Decline & Closure
Just as it seemed that the Bridgeville Glass Plant would achieve an impressive 100 years operating as a GE plant, major changes in the lighting industry led to the sudden obsolescence of its key products.

The lead glass tubing that used to account for the bulk of its production was outlawed in many countries, and GE's own production of incandescent lamps using this glass was rapidly declining due to competition from imported compact fluorescent lamps. Demand for its aluminosilicate tubing was also dwinding as the automotive industry migrated from halogen to high intensity discharge and LED-based headlights. Similar changes in general lighting witnessed a move away from halogen PAR-type lamps which also used aluminosilicate tubing, these also being replaced by discharge and LED-based lights.

By 2016 the Bridgeville Glass Plant was operating at 80% below its designed capacity. Such a situation can very rapidly lead to the death of a glass plant, whose production cannot simply be turned on and off because the furnaces must run continuously. The resulting drop in capacity but without a parallel drop in operating and labour costs can quickly drive up the price of the resulting glass until it is no longer economically viable to remain open. No level of cost-saving in production could counter this - the only way out for this factory would have been to invest in making a completely different product, which the company of course could not commit to.

At the end of 2016 it was announced that the plant would be closed the following year. Production finally drew to a close on 11th August 2017 shortly before its 99th anniversary, with the loss of the final 60 jobs. GE announced that it would prepare the site for sale, which sprawls over nearly 10 acres and was estimated to have a land value of $ 1.84 million.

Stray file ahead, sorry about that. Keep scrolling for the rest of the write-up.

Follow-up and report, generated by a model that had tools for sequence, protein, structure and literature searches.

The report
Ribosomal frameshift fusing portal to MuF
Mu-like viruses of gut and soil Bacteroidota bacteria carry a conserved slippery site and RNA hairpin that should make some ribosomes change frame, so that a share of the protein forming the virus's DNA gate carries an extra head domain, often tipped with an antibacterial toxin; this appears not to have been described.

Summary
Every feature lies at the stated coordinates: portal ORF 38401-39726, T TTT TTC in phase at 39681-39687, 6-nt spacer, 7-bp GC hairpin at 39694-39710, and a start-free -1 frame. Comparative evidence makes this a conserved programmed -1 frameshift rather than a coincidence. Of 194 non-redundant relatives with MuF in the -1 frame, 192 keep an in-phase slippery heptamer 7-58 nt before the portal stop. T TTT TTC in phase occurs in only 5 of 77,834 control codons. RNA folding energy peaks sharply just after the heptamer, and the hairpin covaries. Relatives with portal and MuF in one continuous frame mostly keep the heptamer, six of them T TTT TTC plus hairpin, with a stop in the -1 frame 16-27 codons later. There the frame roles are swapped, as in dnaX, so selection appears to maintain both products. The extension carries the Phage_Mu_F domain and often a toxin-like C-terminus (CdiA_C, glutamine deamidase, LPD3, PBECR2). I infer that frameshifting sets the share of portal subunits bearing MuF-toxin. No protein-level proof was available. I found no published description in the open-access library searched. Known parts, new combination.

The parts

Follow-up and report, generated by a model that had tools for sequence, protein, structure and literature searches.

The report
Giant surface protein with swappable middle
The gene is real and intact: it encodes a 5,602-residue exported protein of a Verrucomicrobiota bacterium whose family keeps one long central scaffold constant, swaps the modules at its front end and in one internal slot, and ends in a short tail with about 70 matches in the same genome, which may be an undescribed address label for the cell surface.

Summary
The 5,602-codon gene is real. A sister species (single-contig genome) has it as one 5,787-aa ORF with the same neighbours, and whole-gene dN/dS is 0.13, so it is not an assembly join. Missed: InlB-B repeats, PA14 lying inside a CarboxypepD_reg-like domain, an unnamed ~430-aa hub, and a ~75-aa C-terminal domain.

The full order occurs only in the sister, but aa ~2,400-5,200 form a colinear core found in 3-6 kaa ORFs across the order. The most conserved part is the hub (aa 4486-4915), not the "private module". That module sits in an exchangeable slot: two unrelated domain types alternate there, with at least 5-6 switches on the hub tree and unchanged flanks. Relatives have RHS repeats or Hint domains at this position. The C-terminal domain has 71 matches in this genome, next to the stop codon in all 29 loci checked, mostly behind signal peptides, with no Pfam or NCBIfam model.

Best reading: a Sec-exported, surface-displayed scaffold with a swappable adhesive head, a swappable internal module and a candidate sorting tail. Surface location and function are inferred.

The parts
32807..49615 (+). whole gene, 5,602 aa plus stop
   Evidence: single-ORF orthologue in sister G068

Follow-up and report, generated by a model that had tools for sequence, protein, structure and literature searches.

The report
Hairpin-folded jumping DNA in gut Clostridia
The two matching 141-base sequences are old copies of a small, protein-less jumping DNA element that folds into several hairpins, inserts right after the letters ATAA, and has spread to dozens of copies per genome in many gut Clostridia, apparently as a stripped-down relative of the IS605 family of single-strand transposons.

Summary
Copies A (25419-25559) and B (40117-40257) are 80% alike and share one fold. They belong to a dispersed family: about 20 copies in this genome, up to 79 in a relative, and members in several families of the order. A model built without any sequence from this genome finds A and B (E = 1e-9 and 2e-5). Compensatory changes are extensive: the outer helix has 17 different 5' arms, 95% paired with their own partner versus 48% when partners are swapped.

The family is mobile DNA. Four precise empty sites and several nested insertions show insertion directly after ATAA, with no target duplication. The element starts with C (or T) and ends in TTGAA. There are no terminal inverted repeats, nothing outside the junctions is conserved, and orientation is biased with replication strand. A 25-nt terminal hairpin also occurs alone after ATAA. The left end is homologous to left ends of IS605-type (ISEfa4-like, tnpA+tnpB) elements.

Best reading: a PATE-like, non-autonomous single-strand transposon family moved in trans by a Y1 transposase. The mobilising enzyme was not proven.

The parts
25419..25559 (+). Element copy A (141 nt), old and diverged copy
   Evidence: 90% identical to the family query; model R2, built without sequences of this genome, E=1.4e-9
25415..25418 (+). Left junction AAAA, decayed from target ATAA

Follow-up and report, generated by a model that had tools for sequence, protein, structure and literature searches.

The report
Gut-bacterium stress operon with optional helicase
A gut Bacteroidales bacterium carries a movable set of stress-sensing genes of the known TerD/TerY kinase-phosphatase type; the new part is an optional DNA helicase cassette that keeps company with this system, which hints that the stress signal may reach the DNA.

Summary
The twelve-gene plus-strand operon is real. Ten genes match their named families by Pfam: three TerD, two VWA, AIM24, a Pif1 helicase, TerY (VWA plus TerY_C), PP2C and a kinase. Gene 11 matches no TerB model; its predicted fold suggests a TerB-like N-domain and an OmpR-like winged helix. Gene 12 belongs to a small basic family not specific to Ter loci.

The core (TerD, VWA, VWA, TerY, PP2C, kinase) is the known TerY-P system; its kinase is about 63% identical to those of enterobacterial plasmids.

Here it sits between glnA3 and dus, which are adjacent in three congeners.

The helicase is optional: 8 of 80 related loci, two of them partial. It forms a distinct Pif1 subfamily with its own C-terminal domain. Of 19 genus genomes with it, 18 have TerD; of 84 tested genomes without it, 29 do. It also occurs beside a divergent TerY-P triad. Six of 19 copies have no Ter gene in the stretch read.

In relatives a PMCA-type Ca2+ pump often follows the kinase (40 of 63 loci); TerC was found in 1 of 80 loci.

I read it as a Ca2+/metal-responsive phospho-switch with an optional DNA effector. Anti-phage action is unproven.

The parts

J.B. Higbee Factory, 1907 2 Factory staff, early 1900's 7 Glass & Silica behind site, 1977 8 Front Building, 2017 11
Aerial View, 2015 12 Aerial View of Front, 2018 12 Aerial View of Rear, 2018 12

Glass Products
1980 - US
Glass Products
1990 - US
Lead Silicate Tubing
1980 - US
Aluminosilicate Tubing
1979 - US
Aluminosilicate Tubing
1992 - US
Blacklight Tubing & Bulbs
1994 - US

References & Bibliography
  1. Bridgeville Area Historical Society Meeting, John F. Oyler, 10th August 2001.
  2. Images of America : Bridgeville, John F. Oyler, Bridgeville Area Historical Society, publ. Arcadia Publishing, 2010, p.
  3. Glasshouses & Glass Manufacturers of the Pittsburgh Region, J.W. Hawkins, p.263-265.
  4. A Century of Light, James A. Cox, published by The Benjamin Company / Rutgers, 1979, ISBN 0-87502-062-3, pp.138, 140-141.
  5. The Generations of Corning, Davis Dyer & Daniel Gross, publ. Oxford University Press, 2001, pp.134-135.
  6. GE Bridgeville Air Emission Control, Commerce Today, 4th September 1972 p.19.
  7. GE Bridgeville Glass Plant Celebrates 95 Years, Alex Felser, Trib Total Media, 24th December 2014.
  8. Chartiers Railroad Branch Remembered, Kevin Trichtinger.
  9. GE to Close Bridgeville Lighting Glass Plant, Jim Spezialetti, Trib Total Media, 18th August 2016.
  10. GE Lighting Glass Plant to Close, Glass Paint Website, 24th September 2016.
  11. GE selling shuttered lighting plant in Bridgeville area for nearly 100 years, Suzanne Elliott, Trib Total Media, 3rd October 2017.
  12. Google Earth Satellite View.